Accountability and ROI Are Radio's Most Important Measurements

Accountability and ROI Are Radio's Most Important Measurements

Gary Fries, President and Chief Executive Officer of the Radio Advertising Bureau, opened his semi-annual State of the Industry speech by noting that "Advertisers need to show their stockholders an accountability of every dollar spent. Media buyers and planners are trying to accomplish this for advertisers and are challenged to show ROI. The Radio industry is not doing a good job of showing this. We have to be able to document ROI."

The Radio Advertising Bureau, with Arbitron, TargetCast TCM and Padin & Estabrook LLC reported on the study to determine the media buying community's attitudes towards broadcast and audience accountability. An underlying objective for this research was to access perceptions of radio vs. other media in terms of being an effective media vehicle. The study was conducted among "thought leaders" in the media buying community using a multi-faceted approach among:

  • 25 senior level media decision makers
  • Advertisers and agencies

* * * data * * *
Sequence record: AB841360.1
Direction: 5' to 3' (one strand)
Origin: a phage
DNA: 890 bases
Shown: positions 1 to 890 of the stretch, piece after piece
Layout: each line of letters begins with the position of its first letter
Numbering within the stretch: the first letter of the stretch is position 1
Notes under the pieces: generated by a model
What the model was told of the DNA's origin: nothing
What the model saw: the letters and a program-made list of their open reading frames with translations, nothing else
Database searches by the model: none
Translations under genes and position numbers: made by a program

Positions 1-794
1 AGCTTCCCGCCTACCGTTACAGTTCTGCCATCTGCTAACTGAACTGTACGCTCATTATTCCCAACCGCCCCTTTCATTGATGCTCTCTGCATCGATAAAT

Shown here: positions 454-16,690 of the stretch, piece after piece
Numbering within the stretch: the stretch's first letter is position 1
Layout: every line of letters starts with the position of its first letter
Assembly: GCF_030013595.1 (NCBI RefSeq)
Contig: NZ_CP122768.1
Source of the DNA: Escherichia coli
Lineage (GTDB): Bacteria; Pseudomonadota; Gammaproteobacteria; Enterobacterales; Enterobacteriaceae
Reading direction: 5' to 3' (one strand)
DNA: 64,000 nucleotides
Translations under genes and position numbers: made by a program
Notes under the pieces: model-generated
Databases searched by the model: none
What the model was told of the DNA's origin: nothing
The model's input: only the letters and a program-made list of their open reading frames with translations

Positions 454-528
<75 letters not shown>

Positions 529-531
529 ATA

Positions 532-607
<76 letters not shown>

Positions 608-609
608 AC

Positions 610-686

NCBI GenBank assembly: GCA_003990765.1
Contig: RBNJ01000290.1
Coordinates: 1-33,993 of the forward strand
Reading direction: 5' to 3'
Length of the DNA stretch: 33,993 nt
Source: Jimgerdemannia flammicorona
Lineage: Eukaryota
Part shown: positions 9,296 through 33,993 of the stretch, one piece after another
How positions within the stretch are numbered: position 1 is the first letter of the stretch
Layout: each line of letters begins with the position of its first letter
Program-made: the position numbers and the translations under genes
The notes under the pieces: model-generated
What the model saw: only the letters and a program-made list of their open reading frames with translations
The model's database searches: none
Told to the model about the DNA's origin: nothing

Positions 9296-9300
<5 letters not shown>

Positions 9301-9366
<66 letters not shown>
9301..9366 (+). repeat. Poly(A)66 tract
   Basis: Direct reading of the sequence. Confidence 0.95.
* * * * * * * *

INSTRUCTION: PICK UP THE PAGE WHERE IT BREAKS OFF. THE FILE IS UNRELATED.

• Buyers, planners, management
  • 45+ minute, in-depth personal interviews
  • Conducted by senior media professionals

    The situation encountered was an increasingly demanding marketplace where media buyers are continually being challenged to demonstrate advertising ROI, and accountability has become a critical focus - "prove" your delivery.

    There is a recognized need for a more accurate understanding of what advertisers, media agencies and radio sales people believe:

  • How broadcast accountability is defined, and
  • How important are accountability issues when allocating media budgets between media

    Key findings:

  • Radio is not any respondent's primary advertising vehicle, but all respondents had recently used radio as part of their media mixes, though receiving only a minor portion of advertising budgets
  • Radio is viewed as an "imperfect" medium, able to deliver numerous legitimate, important benefits for advertisers but restrained by schedule integrity, audience measurement and data timeliness
  • Advertisers and agencies strongly believe that it is important to know exactly when their advertising runs and all respondents conduct some level of post-buy analysis while many have formal guidelines for these accountability analyses.

    Radio received poor ratings for credibility of its audience measurement and was ranked radio lower than other media.

  • Enhanced (commercial) ratings will increase some advertisers' spending in radio, while reducing others.
  • Those who use data to more effectively place ads will increase allocations, but those unwilling to take the extra analytical steps, may cut radio spending.

    Find out more here.

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